This site is intended for health professionals only


BMA launches major campaign against ‘point-scoring’ in run-up to the election



The Government and opposition politicians have come under attack from the BMA today, with doctors telling them to stop ‘playing games with the nation’s health’ by announcing ‘political point-scoring’ exercises such as the GP dementia case finding scheme or 48-hour GP appointment target.

The BMA has used the two schemes, brought by the Government and the Opposition respectively, as examples of ‘short-term funding’ announcements which have to stop in favour of all political parties to commit to properly fund the NHS.

It launched the major new campaign – titled ‘No More Games’ – on the back of an Ipsos MORI survey of the 2,000 members of the public, which showed 77% now think that politicians are designing health policies to win votes, rather than focusing what is best for the NHS.

As part of the campaign, the BMA has unveiled a sculpture designed specifically for the campaign by Russell Beck, famous for the 10m high cigarette displayed in London’s Trafalgar Square, which was revealed in a video clip, as well as a poster campaign, which will be put up across the country.

The campaign calls for: ‘No more games with the public’s health; no more games with NHS funding; and no more games with who’s providing patient care.’

Dr Krishna Kasaraneni, chair of the GPC workforce and education subcommittee, said: ‘Leading up to the election, this is to highlight that we need honest debates.

‘We need long-term investment in the NHS, and of course general practice.

‘This is not aimed at one particular party, it is aimed at all of them. We cannot have any more gimmicky policies aimed at the short-term, and the politicians must inform the public about what is really needed.’

BMA chair Dr Mark Porter said: ‘The BMA is calling for an open and honest debate in which all political parties come together with the public to ensure the long-term future of the NHS. We want to see a stop to the headline-grabbing such as 48-hour targets for GP appointments, payments for dementia diagnoses and unfunded budget pledges.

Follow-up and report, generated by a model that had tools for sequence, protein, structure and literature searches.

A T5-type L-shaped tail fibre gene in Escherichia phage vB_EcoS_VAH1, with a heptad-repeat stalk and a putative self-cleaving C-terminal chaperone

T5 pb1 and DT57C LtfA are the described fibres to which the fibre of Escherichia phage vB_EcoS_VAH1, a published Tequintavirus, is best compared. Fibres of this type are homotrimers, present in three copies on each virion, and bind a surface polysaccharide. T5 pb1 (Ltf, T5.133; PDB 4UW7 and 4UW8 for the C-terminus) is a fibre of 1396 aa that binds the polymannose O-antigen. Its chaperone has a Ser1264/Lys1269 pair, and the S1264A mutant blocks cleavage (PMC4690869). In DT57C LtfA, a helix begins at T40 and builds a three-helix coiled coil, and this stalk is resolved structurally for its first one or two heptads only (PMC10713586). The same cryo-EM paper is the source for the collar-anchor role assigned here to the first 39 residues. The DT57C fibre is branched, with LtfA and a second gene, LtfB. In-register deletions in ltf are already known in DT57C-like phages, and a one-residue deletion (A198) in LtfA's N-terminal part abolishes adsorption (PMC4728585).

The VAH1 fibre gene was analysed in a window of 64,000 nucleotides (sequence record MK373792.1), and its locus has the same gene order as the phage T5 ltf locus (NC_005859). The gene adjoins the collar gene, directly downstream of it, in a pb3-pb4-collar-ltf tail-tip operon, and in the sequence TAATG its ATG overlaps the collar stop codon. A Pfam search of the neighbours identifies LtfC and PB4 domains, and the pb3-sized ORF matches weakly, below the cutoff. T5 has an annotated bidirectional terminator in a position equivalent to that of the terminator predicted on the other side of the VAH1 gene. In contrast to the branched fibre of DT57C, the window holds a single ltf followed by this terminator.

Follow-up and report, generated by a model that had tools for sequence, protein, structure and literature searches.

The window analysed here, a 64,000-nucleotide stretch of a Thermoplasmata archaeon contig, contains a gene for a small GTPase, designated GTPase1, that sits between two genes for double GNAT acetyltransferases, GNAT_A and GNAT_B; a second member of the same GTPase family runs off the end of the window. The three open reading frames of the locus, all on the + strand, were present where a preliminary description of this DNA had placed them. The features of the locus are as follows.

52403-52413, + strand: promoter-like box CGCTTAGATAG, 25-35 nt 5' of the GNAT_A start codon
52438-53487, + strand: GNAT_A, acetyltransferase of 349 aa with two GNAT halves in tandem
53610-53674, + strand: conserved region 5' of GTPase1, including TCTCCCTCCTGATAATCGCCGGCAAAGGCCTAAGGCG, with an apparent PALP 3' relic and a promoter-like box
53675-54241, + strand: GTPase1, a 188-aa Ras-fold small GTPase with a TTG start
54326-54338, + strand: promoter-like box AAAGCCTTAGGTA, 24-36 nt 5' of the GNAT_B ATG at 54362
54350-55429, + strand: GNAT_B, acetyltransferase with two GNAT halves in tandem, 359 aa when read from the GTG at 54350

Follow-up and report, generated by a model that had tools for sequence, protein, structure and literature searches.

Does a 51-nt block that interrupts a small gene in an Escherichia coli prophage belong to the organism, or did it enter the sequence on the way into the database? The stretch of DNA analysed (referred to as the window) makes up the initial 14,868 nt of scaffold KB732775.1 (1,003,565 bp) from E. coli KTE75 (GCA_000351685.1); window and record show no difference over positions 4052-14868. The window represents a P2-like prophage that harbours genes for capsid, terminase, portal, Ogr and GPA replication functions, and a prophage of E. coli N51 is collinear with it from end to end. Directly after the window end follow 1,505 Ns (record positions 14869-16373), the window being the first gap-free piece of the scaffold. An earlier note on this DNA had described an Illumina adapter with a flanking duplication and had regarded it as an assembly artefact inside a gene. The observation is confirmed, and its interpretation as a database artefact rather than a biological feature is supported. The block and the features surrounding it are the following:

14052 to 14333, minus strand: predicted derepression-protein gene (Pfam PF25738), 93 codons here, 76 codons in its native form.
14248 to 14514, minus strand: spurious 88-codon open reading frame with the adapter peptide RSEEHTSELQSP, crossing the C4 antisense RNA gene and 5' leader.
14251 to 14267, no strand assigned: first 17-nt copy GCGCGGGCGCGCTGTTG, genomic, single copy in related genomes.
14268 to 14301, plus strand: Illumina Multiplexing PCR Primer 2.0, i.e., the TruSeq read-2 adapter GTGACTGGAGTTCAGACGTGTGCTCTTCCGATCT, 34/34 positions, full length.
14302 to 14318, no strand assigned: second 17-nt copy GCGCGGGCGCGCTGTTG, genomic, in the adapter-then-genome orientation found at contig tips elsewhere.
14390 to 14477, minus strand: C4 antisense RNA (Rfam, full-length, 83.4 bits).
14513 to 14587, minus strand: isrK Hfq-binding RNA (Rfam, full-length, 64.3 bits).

‘It is not just doctors sounding this call – 77% of the public believe politicians are designing health policies simply to win votes.

‘The scale of the campaign just goes to demonstrate just how concerned doctors are, and we aim to ensure that every member of the public sees it and adds their voice to ours in calling for an end to the game-playing and the start of an open and honest public debate on how we create a long-term, sustainable plan for the NHS.’

The BMA’s campaign

No more games with the public’s health

  • We want long term commitment to address the major public health issues in our society
  • Public confidence that health services will be properly resourced, easy to access and free at the point of use, now and in the future.

No more games with NHS funding

  • We want all political parties to commit to long term investment to secure the future of the NHS.
  • Short term funding announcements to score political points must become a thing of the past.

No more games with who’s providing patient care

  • The health and wellbeing of patients must always come before making profits from healthcare.
  • We believe that a publically funded, publically provided service delivers the best patient care

Source: BMA